Thu, 22 Apr 2021

Italy Surpasses 100,000 COVID-19 Deaths

Voice of America
09 Mar 2021, 09:35 GMT+10

Italy's death toll from the coronavirus surpassed 100,000 on Monday, a year after it became the first country in Europe to go into lockdown to try to stop the spread of the virus.

Italy's Health Ministry recorded 318 deaths Monday in the past 24 hours, bringing the country's total of COVID-19 deaths to 100,103 and making it the seventh country in the world to surpass the marker, following the United States, Brazil, Mexico, India, Russia and Britain, according to a tally by Reuters. Italy has the second-highest death toll from the pandemic in Europe after Britain.

Earlier Monday, the Italian Health Ministry changed course and signed an order approving the AstraZeneca COVID-19 vaccine for people 65 and older.

Even though Europe's drug regulator, the European Medicines Agency, fully approved the vaccine, the Italian government initially balked, as did Germany, at giving the vaccine to people older than 65 because of limited data on its efficacy within that age group. Germany has reversed course on its use, as well.

The doubts raised by some health officials prompted people to turn down the vaccine, resulting in doses going unused and slowing down the vaccination process throughout the continent.

Around the globe

Meanwhile, Britain reopened all its schools Monday for the first time since late 2020. The openings come as the country experiences some of its lowest coronavirus death tolls since October. The coronavirus causes the COVID-19 disease.

British Prime Minister Boris Johnson on Monday called the reopening of schools in the nation "a crucial first step" in a "road map to freedom" from the coronavirus pandemic but added a warning against complacency.

Students listen to a teacher during a lesson at Heath Mount school as schools reopen in England, amid the coronavirus disease ... Students listen to a teacher during a lesson at Heath Mount school as schools reopen in England, amid the coronavirus pandemic, in Watton at Stone, Hertfordshire, Britain, March 8, 2021.

In Israel, health officials celebrated the country's 5 millionth coronavirus vaccination and extended its vaccination campaign to Palestinians working in Israel or its West Bank settlements. The country has faced criticism for not providing more doses to Palestinians in occupied territory.

Greek authorities say they have registered the country's youngest COVID-19 victim so far - a 37-day-old baby boy. The infant had been in the hospital with the virus for the past three weeks after being brought in with a nasal infection and fever.

Vaccines

The U.S. Centers for Disease Control and Prevention announced new guidelines for those who have been fully vaccinated, advising that they can gather without masks in small groups with others who have been inoculated, but that they should still wear masks in public.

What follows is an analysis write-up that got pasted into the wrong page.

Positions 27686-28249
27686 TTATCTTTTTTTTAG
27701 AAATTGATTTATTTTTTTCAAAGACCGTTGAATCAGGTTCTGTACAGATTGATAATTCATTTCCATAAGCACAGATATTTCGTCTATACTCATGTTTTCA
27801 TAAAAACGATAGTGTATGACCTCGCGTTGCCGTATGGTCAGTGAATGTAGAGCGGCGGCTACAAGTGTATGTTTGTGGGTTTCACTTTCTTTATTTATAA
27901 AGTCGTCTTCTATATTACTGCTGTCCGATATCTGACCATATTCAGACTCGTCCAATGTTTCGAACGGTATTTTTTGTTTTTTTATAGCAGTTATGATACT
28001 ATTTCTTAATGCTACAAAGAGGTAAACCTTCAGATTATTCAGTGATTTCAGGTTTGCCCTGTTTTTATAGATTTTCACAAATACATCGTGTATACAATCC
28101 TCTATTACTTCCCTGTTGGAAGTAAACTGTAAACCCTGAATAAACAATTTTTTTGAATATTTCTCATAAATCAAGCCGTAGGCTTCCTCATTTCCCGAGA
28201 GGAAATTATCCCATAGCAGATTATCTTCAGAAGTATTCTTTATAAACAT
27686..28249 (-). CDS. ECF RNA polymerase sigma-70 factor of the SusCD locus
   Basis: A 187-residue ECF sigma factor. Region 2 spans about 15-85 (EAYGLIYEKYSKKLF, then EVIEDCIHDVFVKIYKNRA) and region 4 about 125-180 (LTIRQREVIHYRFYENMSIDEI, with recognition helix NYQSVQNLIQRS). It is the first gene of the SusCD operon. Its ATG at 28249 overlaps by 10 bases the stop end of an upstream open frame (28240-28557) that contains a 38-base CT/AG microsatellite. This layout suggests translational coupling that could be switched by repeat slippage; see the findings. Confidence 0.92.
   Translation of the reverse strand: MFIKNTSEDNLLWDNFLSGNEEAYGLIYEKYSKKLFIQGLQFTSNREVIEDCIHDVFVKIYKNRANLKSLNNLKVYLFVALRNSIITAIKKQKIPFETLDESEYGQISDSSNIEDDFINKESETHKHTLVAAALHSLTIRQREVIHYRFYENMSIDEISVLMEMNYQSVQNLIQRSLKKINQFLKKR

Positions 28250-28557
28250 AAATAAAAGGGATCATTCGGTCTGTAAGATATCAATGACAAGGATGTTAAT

U.S. students in Detroit, Michigan, returned to classrooms for in-person learning Monday for the first time in months, while officials in New York City announced that public high schools will reopen for in-person learning March 22.

The World Health Organization argued that so-called "vaccine passports" for COVID-19 should not be used for international travel because coronavirus vaccines are not easily available globally.

WHO emergencies chief Dr. Michael Ryan told a press briefing on Monday there are "real practical and ethical considerations" for countries that are considering using vaccine passports and said the U.N. health agency advises against it for now.

Also on Monday, Vietnam launched its COVID-19 vaccination program, with its front-line health care workers and first responders receiving the first shots.

A woman receives a vaccine as Vietnam starts its official rollout of AstraZeneca's coronavirus disease (COVID-19) vaccine for... A woman receives a vaccine as Vietnam starts its official rollout of AstraZeneca's coronavirus vaccine for health workers, at Hai Duong Hospital for Tropical Diseases, Hai Duong province, Vietnam, March 8, 2021.

In Japan, Prime Minister Yoshihide Suga said the country will speed up its vaccination program after a slow start thanks to vaccine and syringe shortages. Three weeks in, a little more than 46,500 front-line medical workers have received their shots. The elderly will be next in line.

The Reuters news agency reported that Suga promised to have enough of the shots to vaccinate the entire population by the start of the Summer Olympics in July.

The European Union has warned member states against buying Russia's COVID-19 vaccine, Sputnik V, since the EU has not yet completed a review of it. Despite the warning, several nations have made moves to purchase the vaccine.

Early Monday, the Johns Hopkins Coronavirus Resource Center reported almost 117 million global coronavirus cases. The United States has more infections than any other country with 29 million, followed by India with 11.2 million and Brazil with 11 million.

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